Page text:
I had the privilege of speaking on a panel in May with Malcolm Harkins, Intel's Chief Information Security Officer, on the challenges of protecting sensitive data in the age of WikiLeaks. While Malcolm addressed a number of procedures and techniques available to an employer, I was struck by how much he stressed the creation of a vigilant and proactive culture to protect that data. At the end of the day, that culture, along with the reinforcment and training necessary for instilling that culture, remains the best defense.
This dovetails into another issue that arose as a result of a question, the importance of annual training and certifications/acknowledgements for the protection of confidential information. As Victoria noted, it's a good idea to have execution of the certifications coincide with other annual events, such as open enrollment for health insurance and annual reviews. Challenges for Multi-Jurisdictional Clients: "One-state-fits-all" agreements may be difficult to enforce because of the differences in non-compete and trade secret law from state to state. A forum selection clause may not solve that problem, as out-of-state courts may disregard the forum selection clause under choice of law principles and apply their own law if they see fit. Victoria noted that when selecting choice of law for an agreement, it may be worthwhile to factor in where your competitors are located (for example, California) in anticipation that any dispute with a former employee make take place there. WikiLeaks, the Internet and Trade Secrets: Not surprisingly, this remains an issue of real concern, particularly the question of whether a trade secret claim is lost once the trade secret makes its way to the Internet. As some may recall, I addressed this issue in a post in May; there is some authority allowing for a claim for a trade secret that has made its way to the Internet, provided one can demonstrate, among other things, that steps were taken to remove it from the Internet, that it was posted only briefly, etc. I am going to dig deeper to see what other courts have said and put together a future post on this topic.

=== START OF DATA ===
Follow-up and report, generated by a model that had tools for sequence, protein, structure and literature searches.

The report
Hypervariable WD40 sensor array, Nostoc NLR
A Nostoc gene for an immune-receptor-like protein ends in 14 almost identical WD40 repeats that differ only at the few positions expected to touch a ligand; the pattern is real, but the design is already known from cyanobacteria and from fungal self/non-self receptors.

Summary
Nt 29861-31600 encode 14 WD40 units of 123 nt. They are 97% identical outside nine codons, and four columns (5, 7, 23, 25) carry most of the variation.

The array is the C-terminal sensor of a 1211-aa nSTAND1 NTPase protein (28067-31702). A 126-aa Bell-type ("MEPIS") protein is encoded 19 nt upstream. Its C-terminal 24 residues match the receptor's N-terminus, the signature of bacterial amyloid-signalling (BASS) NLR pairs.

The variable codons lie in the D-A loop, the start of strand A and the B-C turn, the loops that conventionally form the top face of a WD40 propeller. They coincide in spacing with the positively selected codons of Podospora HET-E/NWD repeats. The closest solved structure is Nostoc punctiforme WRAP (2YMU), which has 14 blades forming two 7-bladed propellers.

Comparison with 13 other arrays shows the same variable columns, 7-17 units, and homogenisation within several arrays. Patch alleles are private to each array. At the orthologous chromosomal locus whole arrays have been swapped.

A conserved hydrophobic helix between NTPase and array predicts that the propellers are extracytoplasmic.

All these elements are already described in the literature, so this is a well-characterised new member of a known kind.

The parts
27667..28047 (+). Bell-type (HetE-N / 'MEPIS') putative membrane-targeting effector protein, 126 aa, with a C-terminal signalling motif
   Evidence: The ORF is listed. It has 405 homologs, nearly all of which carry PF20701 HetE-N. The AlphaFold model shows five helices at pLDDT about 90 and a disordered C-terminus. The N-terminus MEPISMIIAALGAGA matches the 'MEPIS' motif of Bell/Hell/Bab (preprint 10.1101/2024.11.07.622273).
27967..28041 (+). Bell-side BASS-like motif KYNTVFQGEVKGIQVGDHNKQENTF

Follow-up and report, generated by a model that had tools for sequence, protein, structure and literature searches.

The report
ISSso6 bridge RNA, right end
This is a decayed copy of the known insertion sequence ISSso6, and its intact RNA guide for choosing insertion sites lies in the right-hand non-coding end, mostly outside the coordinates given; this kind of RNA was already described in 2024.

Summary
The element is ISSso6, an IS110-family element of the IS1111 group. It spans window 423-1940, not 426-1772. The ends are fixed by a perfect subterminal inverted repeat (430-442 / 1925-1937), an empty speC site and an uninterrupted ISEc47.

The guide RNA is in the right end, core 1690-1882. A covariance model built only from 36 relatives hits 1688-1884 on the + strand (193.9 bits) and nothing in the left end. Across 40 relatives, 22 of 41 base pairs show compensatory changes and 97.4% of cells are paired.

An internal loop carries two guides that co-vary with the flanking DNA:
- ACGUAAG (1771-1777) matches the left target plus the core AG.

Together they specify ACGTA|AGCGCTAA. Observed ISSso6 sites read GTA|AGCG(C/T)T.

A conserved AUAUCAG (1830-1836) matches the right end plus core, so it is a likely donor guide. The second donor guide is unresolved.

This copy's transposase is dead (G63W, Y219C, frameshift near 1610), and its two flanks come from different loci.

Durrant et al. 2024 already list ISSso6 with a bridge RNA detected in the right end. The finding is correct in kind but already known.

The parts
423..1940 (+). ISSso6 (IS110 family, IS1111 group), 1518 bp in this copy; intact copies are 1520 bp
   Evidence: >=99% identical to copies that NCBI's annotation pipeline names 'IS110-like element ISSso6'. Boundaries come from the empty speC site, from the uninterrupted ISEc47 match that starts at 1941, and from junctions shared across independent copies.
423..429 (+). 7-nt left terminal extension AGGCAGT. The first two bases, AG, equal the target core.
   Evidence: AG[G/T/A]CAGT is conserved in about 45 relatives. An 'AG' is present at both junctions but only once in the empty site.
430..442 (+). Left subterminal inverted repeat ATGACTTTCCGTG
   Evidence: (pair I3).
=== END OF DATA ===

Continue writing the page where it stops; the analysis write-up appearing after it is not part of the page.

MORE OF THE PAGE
Tags: PLI, Trade Secrets, Non-Competes, Victoria Cundiff, safeguards, confidentiality, WikiLeaks, Internet, Intel, IBM, HP, Aspect Software, Avaya
General | Intellectual Property | IP Litigation | Non-Compete Enforceability | Restrictive Covenants | Trade Secrets